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Ban intended for hookah lounges backfires

Publication Date: 2013-03-01
  • Author:Bob Mercer

An attempt by Rapid City officials to have the Legislature make hookah lounges comply with the state’s smoking ban backfired Thursday.

 A House panel reversed the legislation, so that hookah lounges would be exempt if they were in actual operation before Jan. 1.

 Rep. Anne Hajek, R-Sioux Falls, warned a bigger door might be opening.

 “I think we’ve enlarged what liquor establishments can have smoking,” she said.

 The House Local Government Committee voted 8-4 to add the hookah exemption and send the new version of the bill to the full House of Representatives. It could be debated by House members as early as Tuesday afternoon.

 The original legislation brought by Sen. Craig Tieszen, R-Rapid City, sought to define smoking in state law.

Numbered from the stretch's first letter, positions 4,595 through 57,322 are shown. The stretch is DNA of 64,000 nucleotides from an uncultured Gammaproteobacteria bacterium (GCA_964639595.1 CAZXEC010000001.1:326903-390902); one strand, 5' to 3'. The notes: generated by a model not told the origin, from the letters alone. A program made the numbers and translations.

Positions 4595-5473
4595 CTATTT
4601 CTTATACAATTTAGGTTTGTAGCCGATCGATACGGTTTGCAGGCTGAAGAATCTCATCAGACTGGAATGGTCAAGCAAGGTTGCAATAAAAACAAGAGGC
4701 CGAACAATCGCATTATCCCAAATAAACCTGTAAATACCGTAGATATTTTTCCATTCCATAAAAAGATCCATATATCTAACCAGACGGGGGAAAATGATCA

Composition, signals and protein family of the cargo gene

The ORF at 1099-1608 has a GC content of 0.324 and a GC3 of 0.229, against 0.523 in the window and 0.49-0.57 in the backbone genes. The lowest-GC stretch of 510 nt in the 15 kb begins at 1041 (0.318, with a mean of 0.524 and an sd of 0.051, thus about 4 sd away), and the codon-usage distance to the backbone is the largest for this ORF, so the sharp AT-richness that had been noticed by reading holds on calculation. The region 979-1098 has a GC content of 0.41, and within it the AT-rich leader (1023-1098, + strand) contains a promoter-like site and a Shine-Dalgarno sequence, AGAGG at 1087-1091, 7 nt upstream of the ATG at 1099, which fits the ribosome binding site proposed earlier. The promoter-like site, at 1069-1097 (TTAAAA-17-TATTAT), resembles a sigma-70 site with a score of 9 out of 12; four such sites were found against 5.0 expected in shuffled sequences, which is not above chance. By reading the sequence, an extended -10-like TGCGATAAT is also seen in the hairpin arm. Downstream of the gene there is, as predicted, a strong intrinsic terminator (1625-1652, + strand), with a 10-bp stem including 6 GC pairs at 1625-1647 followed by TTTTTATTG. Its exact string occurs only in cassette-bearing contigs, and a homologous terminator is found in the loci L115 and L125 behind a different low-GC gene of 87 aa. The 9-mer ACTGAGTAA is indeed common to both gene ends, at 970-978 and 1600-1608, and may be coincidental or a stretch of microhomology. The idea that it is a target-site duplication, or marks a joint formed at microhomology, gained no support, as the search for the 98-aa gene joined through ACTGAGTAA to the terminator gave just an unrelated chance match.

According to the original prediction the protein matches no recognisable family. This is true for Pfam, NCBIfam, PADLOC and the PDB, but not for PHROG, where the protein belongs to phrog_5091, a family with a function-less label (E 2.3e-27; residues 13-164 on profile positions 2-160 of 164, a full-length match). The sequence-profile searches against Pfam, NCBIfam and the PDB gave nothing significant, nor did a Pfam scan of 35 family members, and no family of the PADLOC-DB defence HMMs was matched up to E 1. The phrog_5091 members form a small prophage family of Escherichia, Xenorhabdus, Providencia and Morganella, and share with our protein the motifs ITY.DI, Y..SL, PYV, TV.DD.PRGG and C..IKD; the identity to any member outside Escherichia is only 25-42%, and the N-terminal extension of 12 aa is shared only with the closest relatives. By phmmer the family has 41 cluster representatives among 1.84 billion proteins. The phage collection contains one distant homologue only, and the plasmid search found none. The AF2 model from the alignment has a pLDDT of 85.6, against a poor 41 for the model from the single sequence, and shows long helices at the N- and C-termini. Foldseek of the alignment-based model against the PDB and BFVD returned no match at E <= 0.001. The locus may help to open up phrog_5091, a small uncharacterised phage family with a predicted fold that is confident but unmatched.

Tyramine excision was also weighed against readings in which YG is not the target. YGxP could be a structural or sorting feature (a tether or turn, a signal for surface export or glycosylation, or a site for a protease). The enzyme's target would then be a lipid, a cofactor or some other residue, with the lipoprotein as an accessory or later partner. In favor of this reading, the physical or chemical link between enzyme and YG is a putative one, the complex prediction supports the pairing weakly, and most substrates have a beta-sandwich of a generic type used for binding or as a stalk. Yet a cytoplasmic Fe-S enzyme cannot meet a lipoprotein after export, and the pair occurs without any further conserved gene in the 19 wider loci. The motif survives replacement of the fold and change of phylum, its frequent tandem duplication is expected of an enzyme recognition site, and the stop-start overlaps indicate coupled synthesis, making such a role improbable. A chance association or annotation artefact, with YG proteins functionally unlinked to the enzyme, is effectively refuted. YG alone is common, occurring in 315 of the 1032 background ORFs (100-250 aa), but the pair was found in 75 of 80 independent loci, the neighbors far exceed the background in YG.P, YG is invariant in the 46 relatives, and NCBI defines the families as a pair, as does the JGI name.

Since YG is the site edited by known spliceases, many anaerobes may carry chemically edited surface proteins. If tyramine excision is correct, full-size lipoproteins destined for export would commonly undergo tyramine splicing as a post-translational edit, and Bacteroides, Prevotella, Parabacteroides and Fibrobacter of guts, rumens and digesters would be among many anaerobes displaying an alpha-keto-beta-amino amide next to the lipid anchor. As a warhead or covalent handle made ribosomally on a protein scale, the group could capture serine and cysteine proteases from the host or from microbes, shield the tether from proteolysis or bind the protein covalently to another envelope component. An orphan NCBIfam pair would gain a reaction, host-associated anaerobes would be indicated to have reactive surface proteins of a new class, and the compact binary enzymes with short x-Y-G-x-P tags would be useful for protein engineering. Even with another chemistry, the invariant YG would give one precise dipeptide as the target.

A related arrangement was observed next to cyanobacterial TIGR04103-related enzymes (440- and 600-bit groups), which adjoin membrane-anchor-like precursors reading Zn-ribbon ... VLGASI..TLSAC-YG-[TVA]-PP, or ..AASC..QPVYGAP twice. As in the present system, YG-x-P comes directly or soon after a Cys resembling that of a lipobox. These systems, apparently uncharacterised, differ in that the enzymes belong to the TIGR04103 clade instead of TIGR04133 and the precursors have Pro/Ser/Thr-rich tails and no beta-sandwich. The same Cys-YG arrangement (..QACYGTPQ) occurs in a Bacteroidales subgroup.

State law generally prohibits smoking in any public place or place of employment. He said operators of hookah establishments claimed the 2009 ban didn’t apply to their businesses.

The Senate approved Tieszen’s version 31-3 two weeks ago. It was turned on its head Thursday by the House committee.

 The panel approved an exemption for hookah establishments proposed by Brian Winckel and Charles Desmond of Rapid City.

 Winckel and Desmond are two of the owners of Ifrits Hookah Lounge in Rapid City. The third owner is Ian Handley of Ellsworth Air Force Base.

 Winckel and Desmond contend their business should have special status because it was open before the smoking ban.

 However, they didn’t own it until months after the ban had been passed by the Legislature.

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